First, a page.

NEW YORK (CBSNewYork) — Police Commissioner Ray Kelly delivered the eulogy Saturday for a traffic enforcement agent who was struck and killed by a vehicle in Midtown a week ago.
He was taken to a nearby hospital, but died of his injuries once he arrived.
At Ranasinghe’s memorial service at the Ortiz Funeral Home, at 2121 Westchester Ave. in the Bronx, Kelly noted the spirit of kindness that the traffic enforcement aide had embodied throughout his life.
“The Buddhist master Atisha observed that ‘The greatest achievement is selflessness; the greatest patience is humility; and the greatest quality is seeking to serve others.’ These are the tenets by which Kalyana lived his life,” Kelly said. “Talk to anyone who worked with him, and they will tell you, he was helpful, kind, and compassionate. Above all, he was completely devoted to his family.”
Ranasinghe came to the U.S. in 2001 with his wife to be with their daughter and support her education, Kelly said. He joined the NYPD as a traffic enforcement agent in 2006 to help better provide for his family.
“Right away, he impressed his supervisors with his energy, drive and work ethic. Every morning, he commuted by subway to his base in Manhattan. He never arrived late and rarely called in sick,” Kelly said. “Within 18 months of his appointment, he was promoted to Traffic Enforcement Agent Level II. And, a few weeks ago, he took the test to become a supervisor and did extremely well.”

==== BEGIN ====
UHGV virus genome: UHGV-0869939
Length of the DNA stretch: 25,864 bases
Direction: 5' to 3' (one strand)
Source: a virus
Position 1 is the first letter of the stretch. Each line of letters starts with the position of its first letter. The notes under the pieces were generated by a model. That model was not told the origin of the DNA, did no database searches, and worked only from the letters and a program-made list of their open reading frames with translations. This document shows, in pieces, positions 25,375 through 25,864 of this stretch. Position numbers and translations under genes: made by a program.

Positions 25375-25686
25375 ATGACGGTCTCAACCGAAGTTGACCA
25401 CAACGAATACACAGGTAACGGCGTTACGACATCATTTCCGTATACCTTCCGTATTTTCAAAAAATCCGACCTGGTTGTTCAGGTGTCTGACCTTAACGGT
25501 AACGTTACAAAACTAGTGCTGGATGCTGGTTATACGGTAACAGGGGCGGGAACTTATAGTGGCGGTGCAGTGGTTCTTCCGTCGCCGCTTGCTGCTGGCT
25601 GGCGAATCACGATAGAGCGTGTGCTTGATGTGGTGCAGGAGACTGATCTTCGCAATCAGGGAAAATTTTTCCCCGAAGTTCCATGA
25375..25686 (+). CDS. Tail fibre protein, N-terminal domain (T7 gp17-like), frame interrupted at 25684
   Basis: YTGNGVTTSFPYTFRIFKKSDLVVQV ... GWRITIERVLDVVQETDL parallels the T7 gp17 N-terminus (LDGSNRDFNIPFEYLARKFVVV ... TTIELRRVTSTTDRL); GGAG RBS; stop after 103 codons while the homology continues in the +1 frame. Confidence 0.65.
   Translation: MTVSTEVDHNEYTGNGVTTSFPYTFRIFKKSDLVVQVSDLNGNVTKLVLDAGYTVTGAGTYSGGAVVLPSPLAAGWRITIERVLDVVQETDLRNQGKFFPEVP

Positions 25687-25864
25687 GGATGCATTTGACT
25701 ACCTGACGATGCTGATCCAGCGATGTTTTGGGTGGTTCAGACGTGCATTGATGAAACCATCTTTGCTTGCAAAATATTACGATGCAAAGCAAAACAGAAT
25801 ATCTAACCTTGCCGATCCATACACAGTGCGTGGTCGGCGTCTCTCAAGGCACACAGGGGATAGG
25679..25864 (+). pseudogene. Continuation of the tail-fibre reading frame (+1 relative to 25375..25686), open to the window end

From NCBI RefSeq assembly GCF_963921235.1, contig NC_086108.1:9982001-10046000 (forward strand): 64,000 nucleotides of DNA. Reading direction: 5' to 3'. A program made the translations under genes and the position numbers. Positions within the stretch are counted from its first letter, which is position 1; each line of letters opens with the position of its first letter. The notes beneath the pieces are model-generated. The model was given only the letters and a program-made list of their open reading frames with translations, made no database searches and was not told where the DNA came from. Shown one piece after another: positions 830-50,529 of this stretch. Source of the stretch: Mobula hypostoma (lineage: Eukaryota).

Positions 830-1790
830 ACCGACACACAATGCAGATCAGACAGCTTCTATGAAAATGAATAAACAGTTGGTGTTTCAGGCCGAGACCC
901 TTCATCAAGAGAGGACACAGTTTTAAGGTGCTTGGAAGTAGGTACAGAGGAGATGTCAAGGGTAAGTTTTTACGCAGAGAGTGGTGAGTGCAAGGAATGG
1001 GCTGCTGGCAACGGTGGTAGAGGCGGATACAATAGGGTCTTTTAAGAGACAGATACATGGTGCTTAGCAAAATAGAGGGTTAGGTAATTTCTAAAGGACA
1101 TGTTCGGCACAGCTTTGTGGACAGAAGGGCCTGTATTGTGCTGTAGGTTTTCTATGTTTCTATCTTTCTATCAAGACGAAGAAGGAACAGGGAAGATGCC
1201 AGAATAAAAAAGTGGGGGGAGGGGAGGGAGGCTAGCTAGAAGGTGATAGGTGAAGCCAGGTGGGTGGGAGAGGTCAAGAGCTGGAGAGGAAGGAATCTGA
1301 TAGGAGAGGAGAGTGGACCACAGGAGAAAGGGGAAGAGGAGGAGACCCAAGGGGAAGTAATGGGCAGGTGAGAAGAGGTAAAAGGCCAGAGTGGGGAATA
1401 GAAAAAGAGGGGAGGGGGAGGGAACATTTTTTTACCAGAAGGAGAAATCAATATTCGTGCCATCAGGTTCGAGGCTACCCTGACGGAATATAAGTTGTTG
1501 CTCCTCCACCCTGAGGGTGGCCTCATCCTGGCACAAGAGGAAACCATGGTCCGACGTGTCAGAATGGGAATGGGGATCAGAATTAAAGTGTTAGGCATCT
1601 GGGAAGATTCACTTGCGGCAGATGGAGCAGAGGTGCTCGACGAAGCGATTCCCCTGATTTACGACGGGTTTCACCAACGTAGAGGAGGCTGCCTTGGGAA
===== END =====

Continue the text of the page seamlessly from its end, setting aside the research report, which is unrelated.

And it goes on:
At the age of 71, Kelly said, Ranasinghe had the energy of traffic enforcement agents half his age –even volunteering for overtime on his days off.
“On the hottest days of summer and the coldest days of winter, he patrolled midtown Manhattan, issuing summonses for the kind of dangerous infractions that impede the flow of traffic: double-parked cars, blocked traffic lanes, and bus stops,” Kelly said. “When called upon, he also helped to direct vehicles through busy intersections.”
Kelly also urged the public to acknowledge the sometimes-underappreciated work of traffic enforcement aides.
“The public doesn’t always hear about the fine work of our traffic enforcement agents, but they feel the effect of that work every day. It’s what enables 8.4 million people to travel through the city safely and peacefully,” Kelly said.
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